Marjorie Taylor Greene: Judge mulls decision to exclude Republican from Congress | Republicans

A federal judge has indicated that an attempt to bar far-right Republican Congresswoman Marjorie Taylor Greene from running for re-election will be allowed.

A protest from a group of Georgia voters says Greene should be disqualified under the 14th Amendment to the US constitution because she supported insurgents who attacked the US Capitol on January 6, 2021.

A similar challenge in North Carolina, against Madison Cawthorn, another prominent supporter of Donald Trump, was stalled.

But on Friday, Amy Totenberg, a federal judge in Georgia, said she had “significant questions and concerns” about the decision in the Cawthorn case, CNN reported.

Totenberg said she was likely to comment on Greene’s attempt to have her case dismissed Monday, two days before a scheduled hearing before a state judge.

The 14th Amendment was passed by Congress in 1866, a year after the Civil War ended, and ratified in 1868.

It says, “No person shall be a Senator or Representative in Congress, or elector of President and Vice President, or hold any office, civil or military, under the United States, or under any State, who, after taking the oath …to support the Constitution of the United States, will have engaged in an insurrection or rebellion against it, or will have aided or comforted its enemies.

Congress can override such a ban.

In March, Cawthorn’s challenge was shut down by a Trump-appointed judge in reference to a Civil War amnesty law passed by Congress in 1872. According to CNN, Totenberg said she believed the law was retroactive. and not intended to apply to future insurgents. .

A bipartisan Senate committee has linked seven deaths to the Capitol riot, in which Trump supporters sought to prevent certification of Joe Biden‘s election victory.

Greene has been widely linked to the events of January 6. In one example, a pro-Trump event organizer in Washington that day told Rolling Stone that Greene was part of a group of far-right Republicans who were coordinating with protesters.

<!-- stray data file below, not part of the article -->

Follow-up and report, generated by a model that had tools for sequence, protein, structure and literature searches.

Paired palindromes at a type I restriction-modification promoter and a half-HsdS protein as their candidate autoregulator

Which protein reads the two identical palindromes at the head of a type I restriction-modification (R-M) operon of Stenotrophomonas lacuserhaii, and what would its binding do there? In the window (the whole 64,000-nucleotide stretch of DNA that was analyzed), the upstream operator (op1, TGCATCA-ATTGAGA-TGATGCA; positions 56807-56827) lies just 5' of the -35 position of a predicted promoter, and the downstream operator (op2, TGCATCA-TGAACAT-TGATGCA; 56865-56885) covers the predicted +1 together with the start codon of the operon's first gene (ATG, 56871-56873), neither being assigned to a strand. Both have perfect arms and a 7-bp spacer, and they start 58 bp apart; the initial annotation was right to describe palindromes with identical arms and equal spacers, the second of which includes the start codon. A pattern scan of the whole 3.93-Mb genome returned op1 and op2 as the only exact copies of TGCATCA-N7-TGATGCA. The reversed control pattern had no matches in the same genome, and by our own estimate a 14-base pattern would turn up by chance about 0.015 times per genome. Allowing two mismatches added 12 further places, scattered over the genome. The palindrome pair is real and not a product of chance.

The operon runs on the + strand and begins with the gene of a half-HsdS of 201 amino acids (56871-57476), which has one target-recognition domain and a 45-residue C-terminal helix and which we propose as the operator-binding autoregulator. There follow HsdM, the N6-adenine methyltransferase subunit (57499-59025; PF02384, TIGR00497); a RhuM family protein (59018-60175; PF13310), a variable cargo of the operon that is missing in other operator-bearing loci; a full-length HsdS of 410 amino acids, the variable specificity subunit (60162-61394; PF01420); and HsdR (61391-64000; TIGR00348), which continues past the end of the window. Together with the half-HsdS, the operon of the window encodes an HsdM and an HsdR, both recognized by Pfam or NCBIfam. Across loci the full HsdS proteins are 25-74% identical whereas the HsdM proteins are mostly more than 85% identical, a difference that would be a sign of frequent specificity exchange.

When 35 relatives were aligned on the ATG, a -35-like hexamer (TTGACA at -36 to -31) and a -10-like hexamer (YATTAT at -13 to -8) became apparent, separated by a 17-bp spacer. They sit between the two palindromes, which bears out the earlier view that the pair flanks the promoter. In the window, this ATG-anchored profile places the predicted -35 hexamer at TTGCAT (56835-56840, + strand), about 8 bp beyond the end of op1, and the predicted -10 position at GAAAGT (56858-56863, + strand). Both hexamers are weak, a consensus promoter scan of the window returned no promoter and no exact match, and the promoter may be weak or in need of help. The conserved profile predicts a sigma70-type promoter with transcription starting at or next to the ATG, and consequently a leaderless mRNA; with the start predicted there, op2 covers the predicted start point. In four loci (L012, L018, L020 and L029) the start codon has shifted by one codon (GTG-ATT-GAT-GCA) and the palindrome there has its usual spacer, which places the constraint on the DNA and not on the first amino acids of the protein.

“I specifically remember Marjorie Taylor Greene,” the anonymous source said. “I remember talking to probably close to a dozen other members at one time or another or their staff.”

A spokesperson for Greene said she and her staff “were focused on the Congressional election objection to the House and had nothing to do with planning a protest.”

Immediately after the storming of Congress, in the last legalistic gasp of Trump’s bid to stay in power, 147 Republicans voted to oppose the results in the swing states.

Greene said she does not encourage violence. His attorney in the Georgia case is James Bopp Jr, who cited the Amnesty Act of 1872 in his successful attempt to have Cawthorn’s challenge thrown out.

Like the challenge to Cawthorn, the challenge to Greene is backed by Free Speech for People, a group that seeks to reform election and campaign finance.

Responding to Cawthorn’s dismissal, Ron Fein, legal director of Free Speech for the People, told the New York Times: “According to this court ruling, the Amnesty Act of 1872, by a trick of wording – although noticed it at the time, or in the 150 years that followed – completely undermined Congress’ prudent decision to write the insurrectionary disqualification clause to apply to future insurgencies.

“This is patently absurd.”

In January, Fein told the Guardian that his group aimed to draw “a line that says, just as the framers of the 14th Amendment wrote and intended, you cannot swear in support of the constitution and then facilitate an insurrection. against the United States”. while hoping to exercise a public function”.

He added, “The insurgency has threatened the entire democratic system of our country and placing insurgents from any state in the halls of Congress threatens the entire country.”

Writing for the Guardian, Princeton scholar Jan-Werner Muller said: “Whether a strongly right-leaning US Supreme Court will uphold disqualifications is indeed a very open question – but there is every reason to try to enforce them.

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